The $164.7-billion budget that Gov. Jerry Brown proposed Friday for the coming fiscal year highlights the glass-half-empty nature of California's improving fortunes. His administration projects that the state's economy will grow an impressive 4.5% in 2015 and that its unemployment rate will drop to 6.6% by year's end, down from the current 7.2%. This improvement is expected to generate $5.3 billion more for state coffers. But joblessness remains far above the national average, which dropped to 5.6% in December. And when you factor in the cost of living, the state has the highest poverty rate in the nation by far, with nearly one in four residents living in poverty.
One consequence of the high poverty rate is that a huge chunk of the state budget — more than 30% — is projected to be spent on safety net programs. The biggest of those is Medi-Cal, the joint federal-state health insurance program for the poor, which covers almost a third of all Californians. Driven in part by increased enrollment in Medi-Cal, the administration expects to spend $1.4 billion more on health and human services in the coming fiscal year than in 2014-15. And that's not even factoring in the cost of extending Medi-Cal, in-home supportive services and other health benefits to low-income immigrants who recently gained temporary legal status through President Obama's executive action. Those people may be entitled to coverage under state law, entirely at state expense.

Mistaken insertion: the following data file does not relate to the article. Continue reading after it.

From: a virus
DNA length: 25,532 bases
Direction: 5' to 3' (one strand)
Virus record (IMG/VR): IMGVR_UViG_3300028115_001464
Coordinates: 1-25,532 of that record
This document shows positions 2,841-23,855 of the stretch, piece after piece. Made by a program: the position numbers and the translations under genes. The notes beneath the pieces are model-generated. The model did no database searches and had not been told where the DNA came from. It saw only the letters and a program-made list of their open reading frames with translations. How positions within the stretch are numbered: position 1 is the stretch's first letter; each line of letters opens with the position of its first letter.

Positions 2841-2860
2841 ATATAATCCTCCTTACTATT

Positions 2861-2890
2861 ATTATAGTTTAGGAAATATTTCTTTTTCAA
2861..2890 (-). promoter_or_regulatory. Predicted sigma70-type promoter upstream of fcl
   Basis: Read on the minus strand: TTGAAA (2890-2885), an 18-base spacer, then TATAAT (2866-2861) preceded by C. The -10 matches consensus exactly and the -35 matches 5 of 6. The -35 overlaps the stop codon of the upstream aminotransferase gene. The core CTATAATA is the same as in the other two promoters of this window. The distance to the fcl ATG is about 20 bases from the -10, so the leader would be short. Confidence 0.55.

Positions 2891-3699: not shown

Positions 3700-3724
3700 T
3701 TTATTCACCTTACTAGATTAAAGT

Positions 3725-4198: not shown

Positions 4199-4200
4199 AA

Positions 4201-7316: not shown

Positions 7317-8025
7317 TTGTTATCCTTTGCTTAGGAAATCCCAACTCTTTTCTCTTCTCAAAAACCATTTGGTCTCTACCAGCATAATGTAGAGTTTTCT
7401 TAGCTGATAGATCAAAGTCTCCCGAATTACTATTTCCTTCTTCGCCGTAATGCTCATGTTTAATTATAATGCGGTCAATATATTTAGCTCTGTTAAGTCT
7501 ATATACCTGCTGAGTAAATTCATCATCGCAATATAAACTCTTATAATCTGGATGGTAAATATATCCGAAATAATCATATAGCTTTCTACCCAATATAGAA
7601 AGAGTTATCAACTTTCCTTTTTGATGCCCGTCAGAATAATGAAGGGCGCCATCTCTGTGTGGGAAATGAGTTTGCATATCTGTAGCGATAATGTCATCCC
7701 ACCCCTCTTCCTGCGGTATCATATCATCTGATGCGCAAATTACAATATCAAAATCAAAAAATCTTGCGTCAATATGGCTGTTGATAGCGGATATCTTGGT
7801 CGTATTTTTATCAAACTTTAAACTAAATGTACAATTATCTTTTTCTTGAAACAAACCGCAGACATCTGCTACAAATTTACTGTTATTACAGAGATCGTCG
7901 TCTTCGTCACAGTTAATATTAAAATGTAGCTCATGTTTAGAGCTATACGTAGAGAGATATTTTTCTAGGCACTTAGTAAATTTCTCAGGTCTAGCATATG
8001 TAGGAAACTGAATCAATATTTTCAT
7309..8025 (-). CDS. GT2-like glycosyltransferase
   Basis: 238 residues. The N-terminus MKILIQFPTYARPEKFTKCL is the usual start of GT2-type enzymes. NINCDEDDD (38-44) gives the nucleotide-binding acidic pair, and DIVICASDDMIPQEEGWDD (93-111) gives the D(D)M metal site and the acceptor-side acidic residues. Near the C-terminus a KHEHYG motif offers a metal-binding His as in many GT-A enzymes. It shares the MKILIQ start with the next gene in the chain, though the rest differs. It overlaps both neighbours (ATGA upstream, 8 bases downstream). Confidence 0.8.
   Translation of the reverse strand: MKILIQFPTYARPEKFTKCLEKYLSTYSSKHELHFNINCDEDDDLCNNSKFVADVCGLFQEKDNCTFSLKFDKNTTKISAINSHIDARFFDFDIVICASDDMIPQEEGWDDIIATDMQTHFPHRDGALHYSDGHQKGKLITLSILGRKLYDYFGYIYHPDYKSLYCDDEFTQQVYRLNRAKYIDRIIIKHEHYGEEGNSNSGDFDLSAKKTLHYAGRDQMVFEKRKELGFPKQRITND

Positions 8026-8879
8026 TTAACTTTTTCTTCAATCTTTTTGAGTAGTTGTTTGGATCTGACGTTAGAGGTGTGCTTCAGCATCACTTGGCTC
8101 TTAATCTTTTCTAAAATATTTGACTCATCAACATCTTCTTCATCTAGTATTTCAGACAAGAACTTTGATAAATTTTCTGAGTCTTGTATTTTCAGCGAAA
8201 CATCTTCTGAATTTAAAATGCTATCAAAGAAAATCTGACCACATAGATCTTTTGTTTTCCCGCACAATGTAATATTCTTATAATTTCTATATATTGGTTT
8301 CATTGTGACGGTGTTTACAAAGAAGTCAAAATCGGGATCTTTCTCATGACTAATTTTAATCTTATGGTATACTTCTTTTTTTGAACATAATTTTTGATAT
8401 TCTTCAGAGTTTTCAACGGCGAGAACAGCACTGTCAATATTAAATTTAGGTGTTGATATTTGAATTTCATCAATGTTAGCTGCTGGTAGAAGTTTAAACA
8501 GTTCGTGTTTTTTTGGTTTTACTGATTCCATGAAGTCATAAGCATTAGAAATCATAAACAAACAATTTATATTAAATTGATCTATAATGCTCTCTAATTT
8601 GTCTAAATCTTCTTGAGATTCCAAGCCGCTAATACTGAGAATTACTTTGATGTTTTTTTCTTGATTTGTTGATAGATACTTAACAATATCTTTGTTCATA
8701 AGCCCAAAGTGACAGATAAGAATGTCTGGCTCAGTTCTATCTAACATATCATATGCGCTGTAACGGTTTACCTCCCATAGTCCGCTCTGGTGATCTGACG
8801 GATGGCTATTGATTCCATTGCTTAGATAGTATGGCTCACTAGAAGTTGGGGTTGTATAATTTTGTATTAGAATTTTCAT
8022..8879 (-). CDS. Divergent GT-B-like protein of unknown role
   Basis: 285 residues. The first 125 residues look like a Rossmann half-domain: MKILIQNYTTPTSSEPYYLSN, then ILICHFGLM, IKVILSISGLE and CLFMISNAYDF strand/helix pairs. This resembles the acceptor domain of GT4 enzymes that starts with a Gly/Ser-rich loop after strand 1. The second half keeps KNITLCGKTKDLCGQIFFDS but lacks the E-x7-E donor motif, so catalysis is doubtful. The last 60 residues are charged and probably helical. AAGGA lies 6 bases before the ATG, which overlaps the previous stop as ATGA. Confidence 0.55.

Also missing from the budget proposal is any contribution toward the healthcare benefits that have been promised to current state employees when they retire. Brown said the state will seek to split that cost — more than $70 billion — with employees through contract negotiations. Brown's proposal does, however, dedicate $2.4 billion to the state's rainy-day fund and debt repayment, as required by a ballot measure voters approved last November to beef up the state's financial reserves
Given those costs, the projected increase in state revenues doesn't seem like such a bounty. Nevertheless, the Legislature should still look for ways to restore the cuts in Medi-Cal payments to doctors, which have made it harder for Medi-Cal enrollees to find someone who will treat them. And lawmakers should seek to avert the tuition increases planned by the University of California regents. Brown's budget is no help, offering no more to the universities than previously planned and threatening to cut the system's funding if tuition is raised.
The ultimate solution for the state's ongoing budget struggles would be more vigorous economic growth that lifts more Californians out of poverty. Brown's budget has several proposals that would help, most notably using more than $1 billion in Proposition 98 funds and federal grants to expand worker training programs. Promoting growth is a long-term challenge, not something the Legislature can fix in one budget. Yet lawmakers should keep that goal foremost in their minds as they return to Sacramento.
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